Yes, the taper crimp should be measured as close to the case mouth as possible with the bullet seated. What is the diameter of the bullets you are using? If you have a fat bullet, say .452", and thick-walled brass, say .008", it may be hard to get the case mouth down to .469" without overcrimping, which can deform or even deplate bullets.

Also, if your barrel has a tight chamber, a bullet with a fat ogive can contact the lands and cause plunk test failure even at the recommended seating depth and with a proper taper crimp.
Help me with this one Beatledog. I have experienced this exact issue. Very first batch of .40s I did. Wouldn't pass plunk test and just holding a finish bullet, I "accidently" shortend it a tad. Said to myself "woops"!

Lowered the crimp die just a smidge... plunk test passed and slug was much tighter in the case, hence my statement. Would love to learn more on this especially if my impression is wrong here.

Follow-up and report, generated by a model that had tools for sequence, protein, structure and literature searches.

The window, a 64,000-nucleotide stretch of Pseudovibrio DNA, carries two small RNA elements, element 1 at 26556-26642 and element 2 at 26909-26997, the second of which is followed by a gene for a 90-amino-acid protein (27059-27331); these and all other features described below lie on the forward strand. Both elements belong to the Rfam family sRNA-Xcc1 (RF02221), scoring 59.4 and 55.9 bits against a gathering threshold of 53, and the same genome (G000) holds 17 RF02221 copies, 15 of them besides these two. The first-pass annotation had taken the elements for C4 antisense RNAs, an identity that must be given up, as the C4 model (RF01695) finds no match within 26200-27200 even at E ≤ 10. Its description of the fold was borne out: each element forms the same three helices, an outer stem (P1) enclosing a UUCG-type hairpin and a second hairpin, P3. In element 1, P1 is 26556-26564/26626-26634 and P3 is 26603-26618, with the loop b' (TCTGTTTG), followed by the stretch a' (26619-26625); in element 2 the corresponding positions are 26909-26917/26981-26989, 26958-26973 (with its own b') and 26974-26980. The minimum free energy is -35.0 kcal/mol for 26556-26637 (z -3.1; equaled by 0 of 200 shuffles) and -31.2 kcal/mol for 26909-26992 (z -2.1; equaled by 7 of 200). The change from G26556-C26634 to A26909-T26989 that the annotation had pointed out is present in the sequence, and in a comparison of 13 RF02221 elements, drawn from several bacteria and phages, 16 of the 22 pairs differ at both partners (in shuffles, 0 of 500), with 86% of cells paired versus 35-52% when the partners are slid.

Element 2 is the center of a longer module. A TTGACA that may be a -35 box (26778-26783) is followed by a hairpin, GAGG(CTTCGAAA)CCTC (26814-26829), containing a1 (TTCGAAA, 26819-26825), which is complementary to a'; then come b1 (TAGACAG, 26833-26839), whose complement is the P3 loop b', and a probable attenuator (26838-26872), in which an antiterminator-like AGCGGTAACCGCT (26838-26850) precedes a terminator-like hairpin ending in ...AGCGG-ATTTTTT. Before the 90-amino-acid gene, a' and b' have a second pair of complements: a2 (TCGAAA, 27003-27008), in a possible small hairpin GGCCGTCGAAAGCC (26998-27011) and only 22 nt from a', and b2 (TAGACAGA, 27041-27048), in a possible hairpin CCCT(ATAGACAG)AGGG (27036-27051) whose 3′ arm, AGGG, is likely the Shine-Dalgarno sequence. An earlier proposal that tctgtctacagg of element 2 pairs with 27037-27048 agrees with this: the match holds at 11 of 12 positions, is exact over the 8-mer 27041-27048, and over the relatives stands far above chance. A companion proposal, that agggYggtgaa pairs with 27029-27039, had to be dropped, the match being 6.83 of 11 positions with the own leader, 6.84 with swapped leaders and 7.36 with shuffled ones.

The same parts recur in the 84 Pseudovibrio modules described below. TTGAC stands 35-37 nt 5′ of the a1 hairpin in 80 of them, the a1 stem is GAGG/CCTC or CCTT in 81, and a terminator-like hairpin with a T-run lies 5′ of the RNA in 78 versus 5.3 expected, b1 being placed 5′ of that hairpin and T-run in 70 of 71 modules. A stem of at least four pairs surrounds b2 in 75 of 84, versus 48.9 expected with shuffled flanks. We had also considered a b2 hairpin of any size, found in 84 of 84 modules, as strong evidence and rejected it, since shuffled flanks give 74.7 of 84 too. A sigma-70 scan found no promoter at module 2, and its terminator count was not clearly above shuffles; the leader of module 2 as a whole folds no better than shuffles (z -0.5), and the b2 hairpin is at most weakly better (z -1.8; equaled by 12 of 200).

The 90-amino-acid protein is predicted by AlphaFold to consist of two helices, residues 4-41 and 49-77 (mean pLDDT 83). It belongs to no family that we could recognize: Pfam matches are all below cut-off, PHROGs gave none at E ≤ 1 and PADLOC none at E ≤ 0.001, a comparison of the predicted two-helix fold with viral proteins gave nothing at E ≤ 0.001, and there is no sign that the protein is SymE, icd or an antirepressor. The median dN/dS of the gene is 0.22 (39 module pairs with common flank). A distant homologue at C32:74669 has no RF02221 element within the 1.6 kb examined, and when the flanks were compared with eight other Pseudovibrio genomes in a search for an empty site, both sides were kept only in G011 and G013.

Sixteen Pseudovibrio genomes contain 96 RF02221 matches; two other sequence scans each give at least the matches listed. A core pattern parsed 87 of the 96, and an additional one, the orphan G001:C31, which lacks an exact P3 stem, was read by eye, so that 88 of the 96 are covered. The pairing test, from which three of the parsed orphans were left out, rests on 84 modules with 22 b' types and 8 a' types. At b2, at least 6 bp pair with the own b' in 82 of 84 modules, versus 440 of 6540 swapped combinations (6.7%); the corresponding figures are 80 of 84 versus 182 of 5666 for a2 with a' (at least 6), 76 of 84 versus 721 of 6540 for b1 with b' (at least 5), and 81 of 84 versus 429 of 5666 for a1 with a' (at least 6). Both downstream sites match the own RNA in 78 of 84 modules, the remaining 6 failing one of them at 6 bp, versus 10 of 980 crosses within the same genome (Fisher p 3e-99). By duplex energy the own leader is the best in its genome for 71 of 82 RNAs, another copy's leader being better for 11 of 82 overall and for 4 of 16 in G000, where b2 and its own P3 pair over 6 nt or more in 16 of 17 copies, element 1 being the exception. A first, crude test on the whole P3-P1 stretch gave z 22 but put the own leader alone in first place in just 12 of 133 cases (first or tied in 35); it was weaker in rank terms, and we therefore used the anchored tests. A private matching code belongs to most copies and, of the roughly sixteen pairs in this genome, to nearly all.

Machine here is 550B

Ex

9w1911
January 3, 2013, 05:11 AM
so why not just use a case gauge?

918v
January 3, 2013, 12:01 PM
Because a case gauge is not his chamber. The chamber is the best case gauge because it is the hole from which the round fires.

The Bushmaster
January 3, 2013, 02:41 PM
Thankyou 918v...First answer and best answer all in one...

9w1911
January 4, 2013, 01:36 AM
and if you own more than one 1911? hand load rounds for each specific chamber?

Lost Sheep
January 4, 2013, 01:52 AM
and if you own more than one 1911? hand load rounds for each specific chamber?
Load for the smaller of the two.

Lost Sheep

The Bushmaster
January 4, 2013, 11:26 AM
Lost Sheep has it. I load for the Kimber because my Colt will eat anything I feed it.

918v
January 4, 2013, 12:59 PM
and if you own more than one 1911? hand load rounds for each specific chamber?

Yes, if you are shooting lead. If shooting jacketed, load for the smaller chamber.